Fewer new build dwellings were completed in East Hampshire this spring, recent figures show.

Experts said the current target set by the Government, which is to build one million homes by the end of this parliamentary term, is too low to meet demand for housing.

Department for Levelling Up, Housing and Communities figures show around 60 new dwellings were built in East Hampshire in the three months to June – a decrease from the 110 completed in the same period of 2022.

Of these, 30 were built by private developers, while the remainder were social homes financed by housing associations.

Across the country, according to seasonally adjusted figures, 67,600 new dwellings were started in the second quarter of the year, which was a 33% increase compared to the same quarter of the previous year. The local figures have not been seasonally adjusted and have been rounded to the nearest ten.

However, the increase has been attributed to the new building standards introduced, which prompted house builders to bring forward the start of project works to avoid the costs of complying with the new regulations.

During the Labour Party conference Sir Keir Starmer pledged to build new towns across the country and 1.5 million new homes during the five years of the next Parliament to stop housing become “a luxury for the few”.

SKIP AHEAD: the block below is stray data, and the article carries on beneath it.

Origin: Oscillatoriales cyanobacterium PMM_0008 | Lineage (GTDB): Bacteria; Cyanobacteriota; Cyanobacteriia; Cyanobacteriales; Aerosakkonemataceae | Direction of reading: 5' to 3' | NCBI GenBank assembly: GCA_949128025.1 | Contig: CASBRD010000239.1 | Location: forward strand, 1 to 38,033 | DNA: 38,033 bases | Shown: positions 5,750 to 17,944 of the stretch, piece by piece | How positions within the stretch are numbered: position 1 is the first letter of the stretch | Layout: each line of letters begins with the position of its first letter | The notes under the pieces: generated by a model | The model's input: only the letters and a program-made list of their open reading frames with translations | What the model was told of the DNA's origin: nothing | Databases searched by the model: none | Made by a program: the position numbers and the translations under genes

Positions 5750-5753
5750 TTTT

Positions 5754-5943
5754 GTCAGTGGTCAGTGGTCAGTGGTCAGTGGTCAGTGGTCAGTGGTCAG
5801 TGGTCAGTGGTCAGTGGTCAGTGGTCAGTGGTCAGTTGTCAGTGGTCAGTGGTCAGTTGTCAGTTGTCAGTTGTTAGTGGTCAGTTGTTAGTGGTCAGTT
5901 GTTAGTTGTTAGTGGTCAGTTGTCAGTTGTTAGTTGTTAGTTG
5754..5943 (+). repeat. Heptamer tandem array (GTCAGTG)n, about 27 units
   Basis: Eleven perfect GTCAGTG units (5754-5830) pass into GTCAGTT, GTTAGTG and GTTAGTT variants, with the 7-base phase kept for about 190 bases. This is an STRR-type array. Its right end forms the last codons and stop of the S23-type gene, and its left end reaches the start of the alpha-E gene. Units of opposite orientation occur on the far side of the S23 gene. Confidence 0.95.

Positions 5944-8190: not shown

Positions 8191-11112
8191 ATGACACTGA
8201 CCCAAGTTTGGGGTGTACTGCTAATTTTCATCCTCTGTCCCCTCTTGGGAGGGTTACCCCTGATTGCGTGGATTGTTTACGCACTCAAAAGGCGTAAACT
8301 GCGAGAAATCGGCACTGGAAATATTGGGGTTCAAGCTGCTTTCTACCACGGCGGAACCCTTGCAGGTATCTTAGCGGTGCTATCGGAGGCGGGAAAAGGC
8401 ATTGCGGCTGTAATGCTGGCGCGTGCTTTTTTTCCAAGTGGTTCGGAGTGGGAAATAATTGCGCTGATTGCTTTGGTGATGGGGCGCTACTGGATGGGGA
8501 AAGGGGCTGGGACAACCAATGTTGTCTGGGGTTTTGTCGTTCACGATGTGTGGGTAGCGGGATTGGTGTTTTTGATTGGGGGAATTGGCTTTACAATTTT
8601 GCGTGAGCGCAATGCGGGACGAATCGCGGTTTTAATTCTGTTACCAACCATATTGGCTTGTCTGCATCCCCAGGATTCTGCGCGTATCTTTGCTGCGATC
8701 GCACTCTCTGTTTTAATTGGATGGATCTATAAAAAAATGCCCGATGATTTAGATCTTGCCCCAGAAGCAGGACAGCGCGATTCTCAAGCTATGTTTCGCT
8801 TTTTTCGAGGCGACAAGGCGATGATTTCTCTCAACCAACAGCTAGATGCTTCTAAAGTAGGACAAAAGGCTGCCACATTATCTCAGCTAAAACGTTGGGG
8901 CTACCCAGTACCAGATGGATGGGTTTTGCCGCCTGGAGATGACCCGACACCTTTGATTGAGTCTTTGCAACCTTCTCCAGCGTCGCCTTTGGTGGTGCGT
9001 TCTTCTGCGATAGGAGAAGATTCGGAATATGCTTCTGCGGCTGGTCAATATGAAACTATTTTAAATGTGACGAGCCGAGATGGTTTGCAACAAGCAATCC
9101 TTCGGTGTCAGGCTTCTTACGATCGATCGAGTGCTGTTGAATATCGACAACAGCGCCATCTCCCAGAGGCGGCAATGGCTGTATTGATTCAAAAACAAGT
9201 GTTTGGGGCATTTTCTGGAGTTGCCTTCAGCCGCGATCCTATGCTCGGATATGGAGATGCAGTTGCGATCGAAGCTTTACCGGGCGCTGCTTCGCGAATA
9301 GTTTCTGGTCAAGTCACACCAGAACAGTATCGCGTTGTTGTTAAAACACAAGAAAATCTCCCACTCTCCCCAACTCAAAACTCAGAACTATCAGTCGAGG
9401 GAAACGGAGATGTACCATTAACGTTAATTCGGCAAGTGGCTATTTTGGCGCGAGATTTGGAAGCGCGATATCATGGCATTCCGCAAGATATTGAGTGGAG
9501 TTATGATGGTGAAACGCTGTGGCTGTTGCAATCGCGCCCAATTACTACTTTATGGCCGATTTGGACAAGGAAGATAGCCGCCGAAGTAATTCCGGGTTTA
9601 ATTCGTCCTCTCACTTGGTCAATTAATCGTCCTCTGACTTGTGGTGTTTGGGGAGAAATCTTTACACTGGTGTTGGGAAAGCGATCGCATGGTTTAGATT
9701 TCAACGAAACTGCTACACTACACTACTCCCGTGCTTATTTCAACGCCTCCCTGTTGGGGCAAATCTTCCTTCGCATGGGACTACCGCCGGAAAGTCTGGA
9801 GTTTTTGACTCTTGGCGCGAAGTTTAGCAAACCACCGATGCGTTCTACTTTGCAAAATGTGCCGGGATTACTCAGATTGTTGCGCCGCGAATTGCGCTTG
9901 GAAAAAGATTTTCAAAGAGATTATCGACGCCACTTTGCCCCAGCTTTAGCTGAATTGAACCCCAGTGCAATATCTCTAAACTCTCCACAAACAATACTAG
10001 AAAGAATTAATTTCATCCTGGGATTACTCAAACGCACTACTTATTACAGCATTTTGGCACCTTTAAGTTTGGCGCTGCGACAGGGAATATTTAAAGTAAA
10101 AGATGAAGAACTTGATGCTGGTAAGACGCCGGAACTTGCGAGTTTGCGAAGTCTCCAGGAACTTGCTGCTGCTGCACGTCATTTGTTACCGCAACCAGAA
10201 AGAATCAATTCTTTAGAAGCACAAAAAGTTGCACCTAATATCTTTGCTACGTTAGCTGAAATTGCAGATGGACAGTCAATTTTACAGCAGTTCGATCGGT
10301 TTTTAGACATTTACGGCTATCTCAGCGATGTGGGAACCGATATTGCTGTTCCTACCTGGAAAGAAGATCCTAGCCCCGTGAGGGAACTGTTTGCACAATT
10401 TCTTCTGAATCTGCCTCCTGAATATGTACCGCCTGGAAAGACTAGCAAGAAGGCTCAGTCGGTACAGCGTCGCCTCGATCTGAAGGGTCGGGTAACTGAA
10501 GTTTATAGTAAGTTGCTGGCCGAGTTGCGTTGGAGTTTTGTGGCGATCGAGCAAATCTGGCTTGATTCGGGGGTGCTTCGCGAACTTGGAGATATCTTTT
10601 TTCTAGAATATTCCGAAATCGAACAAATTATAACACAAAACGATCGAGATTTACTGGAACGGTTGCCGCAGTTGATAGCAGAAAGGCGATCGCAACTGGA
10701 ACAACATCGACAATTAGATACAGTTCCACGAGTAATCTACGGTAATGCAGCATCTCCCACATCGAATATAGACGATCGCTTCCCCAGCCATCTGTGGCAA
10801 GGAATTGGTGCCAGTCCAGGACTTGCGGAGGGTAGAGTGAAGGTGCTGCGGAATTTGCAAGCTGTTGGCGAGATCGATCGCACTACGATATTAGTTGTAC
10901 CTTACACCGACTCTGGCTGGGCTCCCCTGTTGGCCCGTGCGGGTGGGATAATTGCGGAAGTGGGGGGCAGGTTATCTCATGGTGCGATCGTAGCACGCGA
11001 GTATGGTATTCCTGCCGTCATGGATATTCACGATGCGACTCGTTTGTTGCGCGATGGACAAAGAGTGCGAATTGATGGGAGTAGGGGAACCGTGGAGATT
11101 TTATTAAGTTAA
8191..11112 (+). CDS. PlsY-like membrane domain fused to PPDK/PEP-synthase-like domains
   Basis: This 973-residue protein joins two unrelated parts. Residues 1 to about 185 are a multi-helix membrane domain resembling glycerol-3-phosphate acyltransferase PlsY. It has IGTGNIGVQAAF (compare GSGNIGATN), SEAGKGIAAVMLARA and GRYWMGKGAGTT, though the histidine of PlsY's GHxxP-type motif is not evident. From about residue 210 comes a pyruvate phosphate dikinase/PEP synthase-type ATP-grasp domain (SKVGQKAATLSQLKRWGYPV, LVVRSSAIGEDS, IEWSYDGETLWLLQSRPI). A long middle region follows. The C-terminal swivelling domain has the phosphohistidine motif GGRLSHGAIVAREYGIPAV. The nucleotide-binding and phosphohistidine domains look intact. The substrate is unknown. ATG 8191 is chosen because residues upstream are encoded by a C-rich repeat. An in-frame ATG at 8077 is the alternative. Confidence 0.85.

Locations for new towns will be identified based on proximity to busy transport hubs, very high levels of housing need and avoidance of nature spots and important green spaces – with sites designated in the first six months of a Labour government.

Luke Murphy, associate director for energy, climate, housing and infrastructure at the Institute for Public Policy Research, said housing in England “is now among the poorest quality and most expensive in the developed world”.

He added: “We now have millions of people renting privately, often in poor quality conditions or with little security, but still paying sky-high rents.

“Yet the Government doesn't have the policies in place to meet its own housing targets. It certainly won't meet its stated ambition to supply 300,000 homes a year by the mid-2020s, and may struggle to meet its ambition to build 1 million new homes this parliament, and is nowhere near meeting actual housing need.”

In East Hampshire, 290 new build constructions got under way in the three months to June – more than last year, when 80 dwellings were started.

Mr Murphy added: “Estimates suggest that up to 340,000 homes are needed in England each year, with 145,000 of those being affordable. The Government needs to get serious about reforming our dysfunctional land market and investing in the genuinely affordable homes that people across the country so desperately need.”

Anthony Breach, senior analyst at the Centre for Cities, said: “The target is far too low – there is no evidence to suggest that building one million homes will be enough to solve the housing crisis.”

He added: “The planning system is responsible for Britain’s acute housing crisis and the limits it places on our growth.

“This country is in the minority in the developed world in having a discretionary planning system that rations the supply of land for new homes. This means that housebuilding always falls below where it needs to be, even during what looks like historic peaks in housebuilding.”